P040 Reduced serological response to COVID-19 vaccines in patients with IBD is further diminished by TNF inhibitor therapy; Early results of the VARIATION study (VAriability in Response in IBD Against SARS-COV-2 ImmunisatiON)
Doherty, J.(1);Stack, R.(1);O' Morain, N.(1);Girod, P.(1);Tosetto, M.(1);Inzitari, R.(2);Sheridan, J.(1);Cullen, G.(1);Buckley, M.(3);Mulcahy, H.(1);Ryan, E.J.(4);Daghfal, D.(5);Doran, P.(2);O Morain, C.(6);Doherty, G.(1);
(1)Centre for Colorectal Disease- St Vincent's University Hospital, Gastroenterology, Dublin, Ireland;(2)School of Medicine- University College Dublin, School of Medicine- University College Dublin, Dublin, Ireland;(3)St Michaels Hospital- Dun Laoighre, Gastroenterology, Dublin, Ireland;(4)University of Limerick, Department of Biological Sciences- Health Research Institute, Limerick, Ireland;(5)Abbot Diagnostics, Lake Forest, Illinois, United States;(6)Beacon Hospital, Gastroenterology, Dublin, Ireland; INITIative IBD research network (www.initiativeibd.ie)
Patients with inflammatory bowel disease (IBD) have attenuated responses to current vaccinations. There is a limited body of evidence suggesting patients with IBD receiving TNF antagonists have an attenuated response to vaccination against COVID-19. We sought to determine the impact of IBD and various medications for the treatment of IBD on antibody responses to vaccination against COVID-19.
Patients with IBD (n=270) and healthy controls (HC, n=116) were recruited prospectively and quantitative antibody responses were assessed following 1st and 2nd doses of COVID-19 vaccination. The impact of IBD and medications for treatment of IBD on vaccine response rates was investigated.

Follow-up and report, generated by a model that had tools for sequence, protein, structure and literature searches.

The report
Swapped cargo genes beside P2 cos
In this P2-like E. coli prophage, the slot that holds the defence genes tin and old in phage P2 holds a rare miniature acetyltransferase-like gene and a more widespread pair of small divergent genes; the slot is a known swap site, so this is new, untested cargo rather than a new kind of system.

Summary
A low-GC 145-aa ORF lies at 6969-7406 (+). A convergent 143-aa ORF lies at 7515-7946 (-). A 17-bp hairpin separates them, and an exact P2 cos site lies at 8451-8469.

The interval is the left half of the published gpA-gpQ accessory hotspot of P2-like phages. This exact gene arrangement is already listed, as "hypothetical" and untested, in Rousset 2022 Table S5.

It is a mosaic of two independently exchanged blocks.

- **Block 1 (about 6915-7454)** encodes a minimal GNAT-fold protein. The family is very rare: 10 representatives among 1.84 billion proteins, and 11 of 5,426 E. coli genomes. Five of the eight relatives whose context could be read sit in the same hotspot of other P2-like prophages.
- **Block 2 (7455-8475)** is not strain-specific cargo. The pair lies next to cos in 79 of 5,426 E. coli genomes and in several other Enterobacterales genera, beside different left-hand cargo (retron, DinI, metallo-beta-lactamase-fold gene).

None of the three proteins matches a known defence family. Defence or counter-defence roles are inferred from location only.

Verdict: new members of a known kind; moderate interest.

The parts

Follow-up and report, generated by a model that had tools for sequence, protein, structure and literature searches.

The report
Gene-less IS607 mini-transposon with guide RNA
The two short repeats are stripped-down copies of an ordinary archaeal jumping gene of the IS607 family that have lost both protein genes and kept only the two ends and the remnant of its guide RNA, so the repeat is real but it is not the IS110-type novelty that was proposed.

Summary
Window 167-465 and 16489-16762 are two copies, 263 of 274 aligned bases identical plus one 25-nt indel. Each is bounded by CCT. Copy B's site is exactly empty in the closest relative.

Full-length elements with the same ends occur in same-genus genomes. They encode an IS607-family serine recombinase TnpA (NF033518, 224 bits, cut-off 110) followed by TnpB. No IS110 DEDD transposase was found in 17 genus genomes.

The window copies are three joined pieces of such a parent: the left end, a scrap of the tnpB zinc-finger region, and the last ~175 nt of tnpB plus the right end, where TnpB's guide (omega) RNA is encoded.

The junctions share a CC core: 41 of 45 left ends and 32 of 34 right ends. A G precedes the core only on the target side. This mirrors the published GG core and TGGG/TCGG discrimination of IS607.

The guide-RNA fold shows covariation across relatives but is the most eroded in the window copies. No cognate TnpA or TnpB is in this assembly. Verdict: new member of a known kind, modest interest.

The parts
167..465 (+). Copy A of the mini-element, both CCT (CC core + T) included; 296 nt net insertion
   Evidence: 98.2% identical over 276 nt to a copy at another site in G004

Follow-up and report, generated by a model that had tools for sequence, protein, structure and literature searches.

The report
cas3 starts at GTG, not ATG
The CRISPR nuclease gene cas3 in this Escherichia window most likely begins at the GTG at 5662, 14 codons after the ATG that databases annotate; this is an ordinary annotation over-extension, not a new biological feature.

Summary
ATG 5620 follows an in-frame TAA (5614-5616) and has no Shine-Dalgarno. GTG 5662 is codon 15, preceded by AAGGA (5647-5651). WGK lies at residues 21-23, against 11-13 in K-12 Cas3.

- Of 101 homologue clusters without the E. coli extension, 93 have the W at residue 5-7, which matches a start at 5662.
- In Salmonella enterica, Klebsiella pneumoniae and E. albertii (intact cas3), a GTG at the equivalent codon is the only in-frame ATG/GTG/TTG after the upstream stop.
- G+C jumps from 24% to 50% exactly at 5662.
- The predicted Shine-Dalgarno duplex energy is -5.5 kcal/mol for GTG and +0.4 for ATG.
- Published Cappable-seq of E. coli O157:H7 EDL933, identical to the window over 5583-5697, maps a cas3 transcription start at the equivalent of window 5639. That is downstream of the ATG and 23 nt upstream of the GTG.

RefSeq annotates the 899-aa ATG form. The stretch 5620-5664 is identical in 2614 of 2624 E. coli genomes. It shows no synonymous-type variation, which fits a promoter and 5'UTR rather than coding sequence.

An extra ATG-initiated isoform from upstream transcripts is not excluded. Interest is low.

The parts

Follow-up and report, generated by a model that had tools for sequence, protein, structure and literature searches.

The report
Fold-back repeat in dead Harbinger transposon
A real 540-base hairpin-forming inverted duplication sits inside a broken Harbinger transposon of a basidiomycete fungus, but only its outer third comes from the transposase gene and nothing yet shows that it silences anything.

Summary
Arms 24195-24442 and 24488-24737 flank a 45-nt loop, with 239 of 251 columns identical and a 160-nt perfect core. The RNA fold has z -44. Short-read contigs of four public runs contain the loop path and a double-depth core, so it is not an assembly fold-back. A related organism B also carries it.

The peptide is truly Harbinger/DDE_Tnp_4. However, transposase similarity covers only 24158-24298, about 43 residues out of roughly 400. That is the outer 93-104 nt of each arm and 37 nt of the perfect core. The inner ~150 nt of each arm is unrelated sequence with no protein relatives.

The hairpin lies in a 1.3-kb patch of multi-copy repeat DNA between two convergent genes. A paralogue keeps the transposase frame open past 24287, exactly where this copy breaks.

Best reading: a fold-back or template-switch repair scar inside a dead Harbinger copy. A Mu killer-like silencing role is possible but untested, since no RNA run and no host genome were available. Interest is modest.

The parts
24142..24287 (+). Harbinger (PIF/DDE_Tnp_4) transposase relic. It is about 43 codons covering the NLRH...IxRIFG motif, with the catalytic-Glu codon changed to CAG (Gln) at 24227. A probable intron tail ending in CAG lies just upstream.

All HC seroconverted post complete vaccination [100%]. A small proportion of patients with IBD failed to seroconvert [2%]. Median IgG spike protein (SP) antibody levels post-complete vaccination in our IBD cohort was significantly lower than HC [2,613 AU/mL versus 6,871 AU/mL, p=<0.001]. A diagnosis of IBD and viral-vector vaccine use were independently associated with lower IgG SP antibody levels. Patients with IBD receiving anti-TNF therapy had significantly lower IgG SP antibody levels [2444.6 AU/mL] than IBD patients not receiving these agents [3867.6 AU/mL]. Patients with IBD not receiving TNF inhibitors still showed attenuated responses compared to HC receiving a similar vaccine [p = < 0.001].[Figure 1]. IgG SP antibody levels in our IBD cohort reduced rapidly during follow up.
Patients with IBD who do not seroconvert post-vaccination against COVID-19 are a vulnerable cohort. Patient with IBD have attenuated serological responses to SARS-CoV-2 vaccination. Use of anti-TNF therapy further impacts IgG SP antibody levels. Impaired response to vaccination in our study highlights the importance of booster vaccination programmes for patients with IBD.